Germany’s election marketing campaign is just too quick to cut back the SPD’s lead
Construction workers set up a barrier in front of an election campaign poster for the CDU leader and Chancellor candidate Armin Laschet.
JOHN MACDOUGALL | AFP | Getty Images
Only a few days left until the general election on Sunday, the latest poll shows that the gap between the two top candidates is narrowing.
While the Social Democratic Party of Germany (SPD) is still ahead, a new survey by Insa for the German newspaper Bild has shown that the gap is narrowing. The SPD now only leads the conservatives by three percentage points.
The center-left SPD has seen a dramatic increase in popularity since August, with Chancellor candidate Olaf Scholz doing well in the election campaign. The party’s manifesto, which includes left-wing tax and social policy, a pro-EU stance and flexible rules on the debt brake, has also appealed to voters who want a change in the status quo when Merkel leaves office.
The poll showed that the SPD received 25% of the vote, compared to 22% for the alliance of CDU / CSU, the ruling party of the outgoing Chancellor Angela Merkel, followed by 15% for the Green Party.
It suggests that the election is too short, although German voters tended to favor stability in the past elections, so that the SPD’s lead on election day could be lost.
Nevertheless, the SPD politician Scholz, currently Finance Minister and Vice Chancellor, seems to be more popular with the public than his CDU / CSU rival Armin Laschet, who was elected Merkel’s successor at the beginning of the year.
Three television debates between the top candidates Scholz, Laschet and the Green candidate Annalena Baerbock have repeatedly chosen Scholz as the winner of the broad and often combative discussions on topics such as climate protection, security and taxes.
The final debate on Sunday evening was no exception, with a quick poll that found Scholz the clear winner (although 42% of viewers thought so, according to a Forsa poll) while Laschet got 27% and Baerbock 25%.
Perhaps a signal for the coalition negotiations after the election (neither party is likely to get enough seats to rule alone), both Scholz and Baerbock indicated in the debate that it would be positive if the CDU / CSU were to become opposition and not Part of a new coalition. However, both indicated that they were willing to negotiate with all parties except the right-wing extremist alternative for Germany.
Which party will become part of this future coalition government is a matter of concern for experts in the run-up to the vote, as there does not seem to be an obvious and easily accessible coalition.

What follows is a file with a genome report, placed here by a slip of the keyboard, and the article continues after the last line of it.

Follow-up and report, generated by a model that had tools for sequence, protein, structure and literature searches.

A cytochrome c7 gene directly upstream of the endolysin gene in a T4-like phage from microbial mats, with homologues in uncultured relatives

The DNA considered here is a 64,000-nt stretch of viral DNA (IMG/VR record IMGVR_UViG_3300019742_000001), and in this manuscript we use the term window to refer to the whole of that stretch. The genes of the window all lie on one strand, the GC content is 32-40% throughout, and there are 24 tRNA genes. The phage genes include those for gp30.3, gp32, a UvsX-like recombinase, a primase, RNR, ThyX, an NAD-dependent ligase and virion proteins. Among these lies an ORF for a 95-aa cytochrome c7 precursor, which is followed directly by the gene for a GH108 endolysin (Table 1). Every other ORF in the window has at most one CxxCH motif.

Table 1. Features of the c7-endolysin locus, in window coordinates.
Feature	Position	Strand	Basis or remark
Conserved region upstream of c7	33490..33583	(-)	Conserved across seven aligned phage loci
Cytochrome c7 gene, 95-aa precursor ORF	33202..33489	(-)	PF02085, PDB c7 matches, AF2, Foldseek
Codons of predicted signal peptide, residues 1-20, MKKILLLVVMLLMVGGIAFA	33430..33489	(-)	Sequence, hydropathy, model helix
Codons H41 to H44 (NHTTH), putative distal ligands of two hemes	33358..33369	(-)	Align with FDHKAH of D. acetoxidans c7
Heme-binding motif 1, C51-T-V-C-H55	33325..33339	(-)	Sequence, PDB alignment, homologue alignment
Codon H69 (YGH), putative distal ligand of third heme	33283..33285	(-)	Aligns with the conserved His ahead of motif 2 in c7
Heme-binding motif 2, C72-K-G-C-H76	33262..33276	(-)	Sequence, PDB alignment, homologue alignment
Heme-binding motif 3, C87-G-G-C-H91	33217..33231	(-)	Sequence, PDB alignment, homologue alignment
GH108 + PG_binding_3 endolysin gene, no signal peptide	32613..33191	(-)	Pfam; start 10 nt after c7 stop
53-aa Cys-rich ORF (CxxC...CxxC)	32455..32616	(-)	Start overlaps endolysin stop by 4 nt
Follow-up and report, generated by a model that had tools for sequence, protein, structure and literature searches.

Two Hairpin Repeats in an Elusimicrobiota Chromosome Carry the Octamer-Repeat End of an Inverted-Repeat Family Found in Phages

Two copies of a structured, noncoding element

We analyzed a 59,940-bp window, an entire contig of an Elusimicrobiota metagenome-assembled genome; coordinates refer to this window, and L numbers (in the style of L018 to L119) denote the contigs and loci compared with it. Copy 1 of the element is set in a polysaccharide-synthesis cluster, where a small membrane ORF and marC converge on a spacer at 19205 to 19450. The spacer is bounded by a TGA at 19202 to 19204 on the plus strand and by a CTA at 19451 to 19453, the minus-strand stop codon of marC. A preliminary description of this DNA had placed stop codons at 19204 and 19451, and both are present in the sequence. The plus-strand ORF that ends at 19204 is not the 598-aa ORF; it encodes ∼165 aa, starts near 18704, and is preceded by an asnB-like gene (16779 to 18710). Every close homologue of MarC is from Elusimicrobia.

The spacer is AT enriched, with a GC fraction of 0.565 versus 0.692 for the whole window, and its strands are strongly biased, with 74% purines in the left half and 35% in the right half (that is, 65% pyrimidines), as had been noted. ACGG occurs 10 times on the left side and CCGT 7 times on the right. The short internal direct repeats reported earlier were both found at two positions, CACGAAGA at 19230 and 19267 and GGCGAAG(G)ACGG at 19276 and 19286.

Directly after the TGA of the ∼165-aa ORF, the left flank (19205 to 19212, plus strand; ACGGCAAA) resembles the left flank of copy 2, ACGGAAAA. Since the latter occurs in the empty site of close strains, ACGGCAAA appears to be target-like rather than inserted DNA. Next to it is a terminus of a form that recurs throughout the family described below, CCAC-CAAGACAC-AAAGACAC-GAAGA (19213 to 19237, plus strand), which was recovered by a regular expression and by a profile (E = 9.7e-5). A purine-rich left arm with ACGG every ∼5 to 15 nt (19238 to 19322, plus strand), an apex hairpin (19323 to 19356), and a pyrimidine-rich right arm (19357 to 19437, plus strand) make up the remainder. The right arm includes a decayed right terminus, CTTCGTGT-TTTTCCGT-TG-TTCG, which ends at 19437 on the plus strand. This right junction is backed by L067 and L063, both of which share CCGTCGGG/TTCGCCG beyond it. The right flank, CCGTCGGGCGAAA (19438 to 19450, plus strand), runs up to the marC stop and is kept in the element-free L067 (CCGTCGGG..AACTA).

Various tripartite formations are discussed. For example a “green-red-red” alliance of the Greens with the SPD and the radical left party Die Linke or perhaps a “traffic light” coalition made up of the SPD, the Greens and the FDP.
“The interesting story about this election is how unpredictable it has been in recent weeks to determine who will lead the country after the election,” Gerlinde Groitl, junior professor of international politics and transatlantic relations at the University of Regensburg, told on Monday CNBC.
“The FDP really wants to be in a coalition government, but it has to fill various gaps with the Social Democrats – they are far apart in terms of tax policy, social policy, etc. – and we really have a few coalition options, probably on the table from next Sunday.”
It is also questionable whether the left-wing Die Linke (which has called for the abolition of the western military alliance NATO) would participate in a coalition, a prospect that could be inedible for many German voters who are moving towards the center or the center-right .
In fact, the CDU / CSU candidate Laschet used the TV debates as an opportunity to stir up public concern about the possible inclusion of the left in a future government. Neither Scholz nor Baerbock have ruled out a collaboration with Die Linke, although Scholz has said that every party in a German coalition would have to commit to NATO.
Groitl noted that the SPD had moved “all the way to the left”, but that the Scholz party candidate was more on the conservative side of the spectrum within the party and that more gaps had to be closed before such a left-wing alliance was formed.
She predicted “tough negotiations” in all coalition talks after this election, which could “drag on for a while”.